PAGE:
A life-size, black basalt statue of the Apis Bull inscribed with a dedication of Hadrian was discovered in the underground vaults of the Serapeum. It is now in Room 6 of the Greco-Roman Museum in Alexandria. The Apis Bull statue appears on Alexandrian coins of Hadrian and other emperors. The custom of the Apis Bull had been reluctantly preserved by Augustus. He refused to "enter the presence of Apis . . . declaring that he was accustomed to worship gods, not cattle." Dio, 51.16:5. "In spite of this declaration, two stelai from the Bucheum at Hermonthis in Upper Egypt show Augustus" dressed as a Pharaoh sacrificing to bovine deities. Richard Ashton, The City of Roman and Byzantine Egypt, p. 198. Ptolemy III built the Serapeum, the largest and most magnificent of the temples of Alexandria, containing a giant statue by Briaxis. Almost 400 years later, Hadrian rebuilt the temple, which may have been among the temples of Alexandria damaged in 117 AD during the Kitos War by the Jewish forces under Lukuas. Eusebius of Caearea, "Historia Ecclesiastica, books iv & v, written in the 4th century AD." The Apis Bull depicted here may have been that bull, a replacement for an earlier similar statue.RX86734. Bronze diobol, Geissen 1102, Dattari 2009, Milne 1436, SNG Cop 391, SNG Milan 1114, BMC Alexandria 811, Kampmann 32.610, Emmett 1114/18, F, well centered on a tight flan, some legend weak, scratches, edge cracks, weight 7.579 g, maximum diameter 23.4 mm, die axis 0o, Alexandria mint, 29 Aug 133 - 28 Aug 134 A.D.; obverse AVT KAIC TPAIAN - A∆PIANOC CEB, laureate and draped bust right; reverse Apis bull standing right on ground line, altar to right, L IH (year 18) above; scarce; $120.00 (€105.60)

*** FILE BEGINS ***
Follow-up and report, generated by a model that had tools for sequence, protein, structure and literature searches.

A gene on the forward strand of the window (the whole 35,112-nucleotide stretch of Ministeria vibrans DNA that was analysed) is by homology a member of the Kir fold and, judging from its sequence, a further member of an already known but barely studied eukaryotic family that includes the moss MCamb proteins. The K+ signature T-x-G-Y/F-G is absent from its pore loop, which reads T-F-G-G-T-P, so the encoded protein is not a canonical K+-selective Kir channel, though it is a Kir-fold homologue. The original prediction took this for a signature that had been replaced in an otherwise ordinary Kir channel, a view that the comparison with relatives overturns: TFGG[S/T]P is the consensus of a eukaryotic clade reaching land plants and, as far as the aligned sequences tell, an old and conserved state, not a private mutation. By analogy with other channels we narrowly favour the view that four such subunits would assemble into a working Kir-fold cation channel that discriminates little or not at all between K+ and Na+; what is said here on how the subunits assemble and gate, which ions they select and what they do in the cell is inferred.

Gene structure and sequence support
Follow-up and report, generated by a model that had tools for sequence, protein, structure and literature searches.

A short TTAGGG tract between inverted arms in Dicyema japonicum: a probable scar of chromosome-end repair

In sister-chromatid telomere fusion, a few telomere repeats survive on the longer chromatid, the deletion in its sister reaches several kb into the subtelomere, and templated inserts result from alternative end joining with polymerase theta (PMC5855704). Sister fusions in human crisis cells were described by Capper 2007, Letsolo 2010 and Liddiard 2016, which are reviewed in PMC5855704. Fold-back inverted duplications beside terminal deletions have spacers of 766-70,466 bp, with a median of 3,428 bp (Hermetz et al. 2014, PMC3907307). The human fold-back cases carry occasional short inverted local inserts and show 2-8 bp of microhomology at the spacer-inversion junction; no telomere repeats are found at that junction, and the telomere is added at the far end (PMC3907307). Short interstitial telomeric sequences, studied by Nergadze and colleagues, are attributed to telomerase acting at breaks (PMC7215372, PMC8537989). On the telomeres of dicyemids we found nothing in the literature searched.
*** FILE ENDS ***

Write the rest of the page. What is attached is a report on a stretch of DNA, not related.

The Romans believed that Fortuna, after deserting the Persians and Assyrians, took flight over Macedonia and saw Alexander perish as she passed into Egypt and into Syria. At last arriving on Mount Palatine, she threw aside her wings and casting away her wheel, entered Rome where she took up her abode forever.RB88866. Orichalcum sestertius, RIC II 759(d), BMCRE III 1507, Hunter II 533, Cohen II 763, SRCV II 3599, aF, toned brass surfaces, some porosity, edge bump, weight 24.815 g, maximum diameter 30.5 mm, die axis 180o, Rome mint, 134 - 138 A.D.; obverse HADRIANVS AVG COS III P P, laureate head right; reverse FORTVNA AVG (good fortune of the Emperor), Fortuna standing slightly left, head left, holding rudder by tiller in right hand, cornucopia in left hand, S - C (senatus consulto) across field; $120.00 (€105.60)
Hadrian, 11 August 117 - 10 July 138 A.D., Laertes, Cilicia
Laerte was on the coast of Cilicia, east of Syedra, and 25 km northwest of Coracesium (modern Alanya, Turkey). The identity of the ruins was confirmed when the name of the town was found on the foot of a statue of Vespasian. A Phoenician tablet found there indicates the town already existed in 625 B.C. Strabo describes Laertes as a fortress on the crest of a breast-shaped hill. Laertes fell under the control of pirates in Hellenistic times. They were expelled in 67 B.C. No Hellenistic buildings have survived; they were completely replaced in Roman and Byzantine times. The heyday of the town was in the 1st and 2nd centuries A.D. when it was densely populated and retired Roman soldiers would settle there. The town probably declined after the harbor silted up and may have been abandoned after attacks by Arab pirates.RP88200. Bronze AE 19, SNG Levante 374 (same obv. die); RPC III Online 2751; SNG BnF 594; SNG Leypold 2499; BMC Cilicia p. 91, 4, F, green patina, patina chips, edge chip, light earthen deposits, weight 3.307 g, maximum diameter 19.3 mm, die axis 0o, Laertes (25 km NW of Alanya, Turkey) mint, 11 Aug 117 - 10 Jul 138 A.D.; obverse AY KAI TRA A∆PIANOC, laureate head right; reverse ΛAEPTEITWN, Tyche standing half left, head left, polos on head, grounded rudder in right hand, cornucopia in left hand; ex Alex G. Malloy; $80.00 (€70.40)